“A Silicon Valley startup claims to have cracked one of most elusive goals of the software industry: a near-universal emulator that allows software developed for one platform to run on any other, with almost no performance hit,” Leander Kahney reports for Wired News. “Transitive Corp. of Los Gatos, California, claims its QuickTransit software allows applications to run ‘transparently’ on multiple hardware platforms, including Macs, PCs, and numerous servers and mainframes.”
“In demonstrations to press and analysts, the company has shown a graphically demanding game — a Linux version of Quake III — running on an Apple PowerBook… Transitive launched the software on Monday with versions for Itanium, Opteron, x86 and Power/PowerPC chips,” Kahney reports. “The company is initially going after the server and mainframe markets because that’s where the money is, but said it will eventually focus on desktop PCs and consumer electronics. It claims QuickTransit will support almost any pairing of processor and operating system. Transitive said it already has six customers — all PC manufacturers — but declined to name them. The first will go public later this year, Transitive said. Transitive said QuickTransit allows a foreign application to do everything it does on its native platform, with 100 percent functionality.”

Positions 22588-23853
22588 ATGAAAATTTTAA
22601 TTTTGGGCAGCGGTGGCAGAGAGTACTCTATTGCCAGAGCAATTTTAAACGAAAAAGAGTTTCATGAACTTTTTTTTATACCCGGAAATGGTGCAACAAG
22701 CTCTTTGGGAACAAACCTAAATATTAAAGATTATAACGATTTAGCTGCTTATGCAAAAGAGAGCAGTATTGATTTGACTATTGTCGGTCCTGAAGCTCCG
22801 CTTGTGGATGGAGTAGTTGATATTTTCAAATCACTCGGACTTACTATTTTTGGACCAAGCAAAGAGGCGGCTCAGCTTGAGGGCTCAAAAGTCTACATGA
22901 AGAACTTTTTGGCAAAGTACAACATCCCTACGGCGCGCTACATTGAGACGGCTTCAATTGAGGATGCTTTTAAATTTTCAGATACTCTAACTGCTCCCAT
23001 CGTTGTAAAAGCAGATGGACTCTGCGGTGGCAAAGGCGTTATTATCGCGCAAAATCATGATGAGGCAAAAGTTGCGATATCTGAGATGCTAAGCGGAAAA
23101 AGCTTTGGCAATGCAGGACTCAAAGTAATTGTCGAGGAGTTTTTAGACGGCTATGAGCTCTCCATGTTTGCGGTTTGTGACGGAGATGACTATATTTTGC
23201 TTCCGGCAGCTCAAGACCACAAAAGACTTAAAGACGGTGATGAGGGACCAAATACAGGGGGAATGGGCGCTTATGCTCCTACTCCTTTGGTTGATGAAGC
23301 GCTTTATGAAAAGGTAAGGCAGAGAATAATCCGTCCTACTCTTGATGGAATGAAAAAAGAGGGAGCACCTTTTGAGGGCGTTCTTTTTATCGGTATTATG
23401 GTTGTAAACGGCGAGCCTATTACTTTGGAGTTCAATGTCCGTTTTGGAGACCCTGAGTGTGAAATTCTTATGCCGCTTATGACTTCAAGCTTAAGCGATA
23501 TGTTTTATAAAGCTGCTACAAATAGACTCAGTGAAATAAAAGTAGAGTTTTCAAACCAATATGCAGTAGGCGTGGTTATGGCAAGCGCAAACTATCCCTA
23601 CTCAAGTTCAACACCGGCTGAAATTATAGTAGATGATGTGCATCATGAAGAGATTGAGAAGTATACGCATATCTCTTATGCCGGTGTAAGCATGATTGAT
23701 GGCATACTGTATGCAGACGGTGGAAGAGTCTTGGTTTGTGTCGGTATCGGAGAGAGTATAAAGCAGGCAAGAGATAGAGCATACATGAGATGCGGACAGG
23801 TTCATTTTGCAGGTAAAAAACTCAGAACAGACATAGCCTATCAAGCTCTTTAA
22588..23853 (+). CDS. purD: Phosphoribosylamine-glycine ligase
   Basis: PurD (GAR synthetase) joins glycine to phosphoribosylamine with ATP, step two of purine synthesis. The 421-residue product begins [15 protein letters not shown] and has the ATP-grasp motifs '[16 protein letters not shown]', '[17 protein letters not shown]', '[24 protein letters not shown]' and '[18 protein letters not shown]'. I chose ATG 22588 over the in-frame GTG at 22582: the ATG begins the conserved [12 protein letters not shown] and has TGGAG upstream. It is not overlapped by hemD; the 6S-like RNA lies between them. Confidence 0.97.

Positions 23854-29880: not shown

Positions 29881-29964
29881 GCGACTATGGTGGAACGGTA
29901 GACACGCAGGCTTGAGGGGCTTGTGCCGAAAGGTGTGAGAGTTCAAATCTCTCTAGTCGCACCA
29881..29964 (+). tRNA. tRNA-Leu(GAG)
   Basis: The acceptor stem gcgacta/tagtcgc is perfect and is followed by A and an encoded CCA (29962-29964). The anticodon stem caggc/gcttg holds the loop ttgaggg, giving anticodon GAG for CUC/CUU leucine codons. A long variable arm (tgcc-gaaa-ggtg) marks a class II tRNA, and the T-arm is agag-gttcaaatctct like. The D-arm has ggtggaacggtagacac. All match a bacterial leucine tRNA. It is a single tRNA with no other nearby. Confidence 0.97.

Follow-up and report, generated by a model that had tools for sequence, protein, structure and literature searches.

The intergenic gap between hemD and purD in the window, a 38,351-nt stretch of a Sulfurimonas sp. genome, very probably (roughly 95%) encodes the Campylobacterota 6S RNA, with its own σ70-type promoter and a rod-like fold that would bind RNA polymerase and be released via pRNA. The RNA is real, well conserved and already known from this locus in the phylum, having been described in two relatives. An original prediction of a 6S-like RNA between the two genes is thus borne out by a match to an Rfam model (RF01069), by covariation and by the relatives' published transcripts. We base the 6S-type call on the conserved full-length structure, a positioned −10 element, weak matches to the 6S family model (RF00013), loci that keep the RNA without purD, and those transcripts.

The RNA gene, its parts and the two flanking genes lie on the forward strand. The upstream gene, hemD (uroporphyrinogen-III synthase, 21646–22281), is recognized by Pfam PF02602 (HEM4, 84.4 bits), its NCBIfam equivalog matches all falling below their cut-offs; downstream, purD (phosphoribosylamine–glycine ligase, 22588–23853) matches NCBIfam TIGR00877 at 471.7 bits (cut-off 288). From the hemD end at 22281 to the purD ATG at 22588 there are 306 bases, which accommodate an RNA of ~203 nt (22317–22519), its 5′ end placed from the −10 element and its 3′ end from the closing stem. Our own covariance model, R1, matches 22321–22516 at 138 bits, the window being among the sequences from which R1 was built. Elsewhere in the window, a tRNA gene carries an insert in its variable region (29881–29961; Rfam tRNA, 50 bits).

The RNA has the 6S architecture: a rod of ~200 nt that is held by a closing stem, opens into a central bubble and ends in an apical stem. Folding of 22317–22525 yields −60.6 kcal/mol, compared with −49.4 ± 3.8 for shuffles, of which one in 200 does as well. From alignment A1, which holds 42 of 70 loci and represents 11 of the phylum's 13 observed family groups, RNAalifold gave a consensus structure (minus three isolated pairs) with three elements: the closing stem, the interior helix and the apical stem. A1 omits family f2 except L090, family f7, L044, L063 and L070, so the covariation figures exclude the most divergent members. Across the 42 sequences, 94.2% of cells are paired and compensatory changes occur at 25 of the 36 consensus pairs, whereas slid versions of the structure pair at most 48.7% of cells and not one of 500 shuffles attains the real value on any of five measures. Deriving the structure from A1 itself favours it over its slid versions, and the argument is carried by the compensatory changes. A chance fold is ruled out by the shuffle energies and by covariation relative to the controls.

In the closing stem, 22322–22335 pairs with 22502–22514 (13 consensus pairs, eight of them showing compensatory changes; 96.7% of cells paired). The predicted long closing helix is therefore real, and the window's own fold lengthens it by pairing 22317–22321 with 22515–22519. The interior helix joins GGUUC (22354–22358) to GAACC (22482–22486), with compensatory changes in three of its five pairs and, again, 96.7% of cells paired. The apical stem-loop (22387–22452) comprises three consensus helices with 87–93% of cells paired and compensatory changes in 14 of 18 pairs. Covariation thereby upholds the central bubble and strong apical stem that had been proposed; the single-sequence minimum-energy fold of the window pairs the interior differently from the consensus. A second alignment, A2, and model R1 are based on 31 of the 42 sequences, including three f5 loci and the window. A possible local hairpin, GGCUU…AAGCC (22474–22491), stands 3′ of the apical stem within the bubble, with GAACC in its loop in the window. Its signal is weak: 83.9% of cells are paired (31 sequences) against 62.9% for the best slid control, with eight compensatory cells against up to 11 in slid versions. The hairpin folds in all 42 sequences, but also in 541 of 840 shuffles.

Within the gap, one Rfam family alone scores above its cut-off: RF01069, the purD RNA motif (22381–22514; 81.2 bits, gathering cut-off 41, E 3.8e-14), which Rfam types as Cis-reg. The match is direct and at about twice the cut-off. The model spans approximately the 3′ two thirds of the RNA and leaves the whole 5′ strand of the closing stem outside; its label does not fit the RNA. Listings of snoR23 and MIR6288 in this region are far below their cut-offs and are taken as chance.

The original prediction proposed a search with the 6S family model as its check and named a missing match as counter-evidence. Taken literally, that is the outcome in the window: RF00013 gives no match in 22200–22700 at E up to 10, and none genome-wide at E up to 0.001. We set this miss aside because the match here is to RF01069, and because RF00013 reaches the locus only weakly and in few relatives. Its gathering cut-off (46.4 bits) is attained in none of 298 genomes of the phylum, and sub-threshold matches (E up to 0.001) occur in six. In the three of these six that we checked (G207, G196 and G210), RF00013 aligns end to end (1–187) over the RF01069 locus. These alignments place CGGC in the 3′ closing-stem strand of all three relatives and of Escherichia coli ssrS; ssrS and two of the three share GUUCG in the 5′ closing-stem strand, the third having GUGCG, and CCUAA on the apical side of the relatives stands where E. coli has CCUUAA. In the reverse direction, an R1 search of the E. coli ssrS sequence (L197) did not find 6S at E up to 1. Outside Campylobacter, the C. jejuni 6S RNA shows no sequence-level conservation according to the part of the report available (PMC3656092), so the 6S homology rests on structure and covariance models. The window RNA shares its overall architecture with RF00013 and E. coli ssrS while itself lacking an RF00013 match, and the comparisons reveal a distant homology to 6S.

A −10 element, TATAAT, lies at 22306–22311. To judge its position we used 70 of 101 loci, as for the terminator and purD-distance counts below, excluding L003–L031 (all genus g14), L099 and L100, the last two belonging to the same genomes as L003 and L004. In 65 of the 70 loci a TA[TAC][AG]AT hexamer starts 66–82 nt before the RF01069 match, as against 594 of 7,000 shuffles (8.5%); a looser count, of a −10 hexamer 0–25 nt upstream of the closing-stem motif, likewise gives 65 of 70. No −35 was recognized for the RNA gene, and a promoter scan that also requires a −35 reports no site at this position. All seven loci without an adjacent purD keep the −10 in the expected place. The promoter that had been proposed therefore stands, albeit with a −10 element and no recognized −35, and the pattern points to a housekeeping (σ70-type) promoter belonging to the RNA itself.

“QuickTransit fully supports accelerated 3-D graphics and about 80 percent computational performance on the main processor. It requires no user intervention: It kicks in automatically when a non-native application is launched,” Kahney reports. “‘It’s pretty darn impressive,’ said analyst Jim Turley. ‘It’s remarkable because it’s unremarkable (to see it in action): It just works.'”
Full article here.
MacDailyNews Take: If this really works, Virtual PC won’t be doing great business in the future. This would also remove one of the greatest remaining psychological stumbling blocks for Windows users wishing to switch to Macintosh: their Windows software would run on their new Mac OS X machines at usable speeds. These switchers could then upgrade their applications to Mac OS X versions over time at their own pace. If this is for real, Microsoft won’t like this one bit. More about information about Transitive here.